Ensure practices are accessible and equitable to all applicants.
Many common hiring practices create artificial barriers for people from lower socio-economic backgrounds. Do candidates really need traditional academic qualifications in order to do the job? You can watch the video to find out more or read our guidance below.
Recommendations for developing a socio-economic strategy. Activities at each level are related, but distinguished by scale, detail or commitment.
Apply the same approaches outlined below to recruitment of freelancers and artists or when commissioning work.
Ensure messages in marketing materials have wide appeal – e.g. ‘we’re looking for potential rather than experience’.
Advertise for skills and capabilities and not qualifications, where possible, as this can create unnecessary barriers. Focus on essential criteria only.
Be clear about the application process and what is assessed at each stage.
Publish salary in listings, e.g. avoid ‘fee commensurate with skills’.
Include role models from a variety of backgrounds in your promotional and induction materials
Offer applicants the opportunity to create content to demonstrate their interest in the role (e.g. video, art work). Or link to their portfolio.
Recruit from non-fee paying schools, Further Education colleges, post-1992 universities and newer universities that have more diversity in their student bodies.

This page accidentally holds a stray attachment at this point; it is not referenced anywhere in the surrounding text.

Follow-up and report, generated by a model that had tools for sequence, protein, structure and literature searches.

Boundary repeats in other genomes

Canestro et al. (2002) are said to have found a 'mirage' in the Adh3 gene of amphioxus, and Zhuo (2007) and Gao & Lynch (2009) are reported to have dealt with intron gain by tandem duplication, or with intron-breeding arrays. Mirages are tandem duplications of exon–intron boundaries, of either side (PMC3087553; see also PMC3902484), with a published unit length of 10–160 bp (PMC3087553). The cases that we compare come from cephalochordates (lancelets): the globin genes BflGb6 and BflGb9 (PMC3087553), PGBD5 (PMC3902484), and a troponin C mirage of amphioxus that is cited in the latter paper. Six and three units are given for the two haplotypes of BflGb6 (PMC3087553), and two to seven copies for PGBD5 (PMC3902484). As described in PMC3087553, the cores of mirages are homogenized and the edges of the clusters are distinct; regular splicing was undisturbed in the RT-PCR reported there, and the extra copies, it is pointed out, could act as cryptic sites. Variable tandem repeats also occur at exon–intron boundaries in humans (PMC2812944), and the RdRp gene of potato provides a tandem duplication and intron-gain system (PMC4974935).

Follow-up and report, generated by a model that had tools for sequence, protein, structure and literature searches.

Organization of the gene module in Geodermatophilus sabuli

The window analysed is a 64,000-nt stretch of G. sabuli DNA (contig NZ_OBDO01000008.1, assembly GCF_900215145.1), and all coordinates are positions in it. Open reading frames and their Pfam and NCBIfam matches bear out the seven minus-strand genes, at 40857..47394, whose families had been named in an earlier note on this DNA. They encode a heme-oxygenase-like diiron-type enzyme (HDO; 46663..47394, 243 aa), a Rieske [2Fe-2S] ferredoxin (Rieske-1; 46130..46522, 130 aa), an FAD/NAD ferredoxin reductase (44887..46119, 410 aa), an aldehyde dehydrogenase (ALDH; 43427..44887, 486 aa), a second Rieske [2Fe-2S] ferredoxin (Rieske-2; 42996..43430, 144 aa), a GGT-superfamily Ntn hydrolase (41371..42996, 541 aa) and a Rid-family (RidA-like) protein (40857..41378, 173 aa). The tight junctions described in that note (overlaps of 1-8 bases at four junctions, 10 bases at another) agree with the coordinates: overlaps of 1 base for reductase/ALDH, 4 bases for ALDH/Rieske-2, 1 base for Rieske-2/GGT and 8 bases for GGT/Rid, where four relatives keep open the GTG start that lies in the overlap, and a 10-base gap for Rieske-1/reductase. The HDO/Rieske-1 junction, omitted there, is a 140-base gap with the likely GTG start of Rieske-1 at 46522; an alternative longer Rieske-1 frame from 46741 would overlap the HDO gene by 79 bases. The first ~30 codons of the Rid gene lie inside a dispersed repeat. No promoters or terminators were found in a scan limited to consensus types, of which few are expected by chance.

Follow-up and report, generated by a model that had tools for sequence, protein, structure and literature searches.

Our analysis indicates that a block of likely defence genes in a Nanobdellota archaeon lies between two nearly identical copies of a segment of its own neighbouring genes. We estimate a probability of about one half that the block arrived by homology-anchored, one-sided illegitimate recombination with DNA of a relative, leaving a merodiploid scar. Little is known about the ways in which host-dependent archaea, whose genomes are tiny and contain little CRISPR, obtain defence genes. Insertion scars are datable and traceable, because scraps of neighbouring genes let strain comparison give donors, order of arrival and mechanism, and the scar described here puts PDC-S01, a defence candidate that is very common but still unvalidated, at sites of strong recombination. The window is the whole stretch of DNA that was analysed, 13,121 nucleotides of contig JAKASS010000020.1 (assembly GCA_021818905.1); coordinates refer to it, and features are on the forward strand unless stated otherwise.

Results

Be transparent about eligibility criteria and the broad achievements of successful applicants for similar roles (e.g. typical A level or technical qualification grades or degrees). Consider what qualifications are actually essential to do the job, if any.
Ensure hiring decisions give due consideration to diversity, even when time sensitive. For example:
- put in place a minimum time-frame for recruitment (when hiring becomes “Who is available now? Who can we hire easily and quickly?“ it is not a favourable environment for an underrepresented candidate, and you end up with a team built of those who were easiest for you to hire)
- include your HR team for every large-scale recruitment project (or redundancy role mapping exercise) so that the process has a D&I lens across it.
- connect with trade associations and representative bodies to access diverse talent pools
- ensure shortlist is diverse before going to interview
Make interviews open and transparent by giving candidates as much advance information as possible.
Be open to offer additional support to those from low-income backgrounds. Consider options to pay in advance for: travel costs, caring costs, expenses.
Recommendations for optimising your approach. Activities at each level are related, but distinguished by scale, detail or commitment.
Partner with fellow organisations to understand how applicants from different demographics respond to marketing materials.
Work with external organisations, careers services, further education colleges, university faculties and other experts to design events, programmes and digital activities that engage under-represented groups.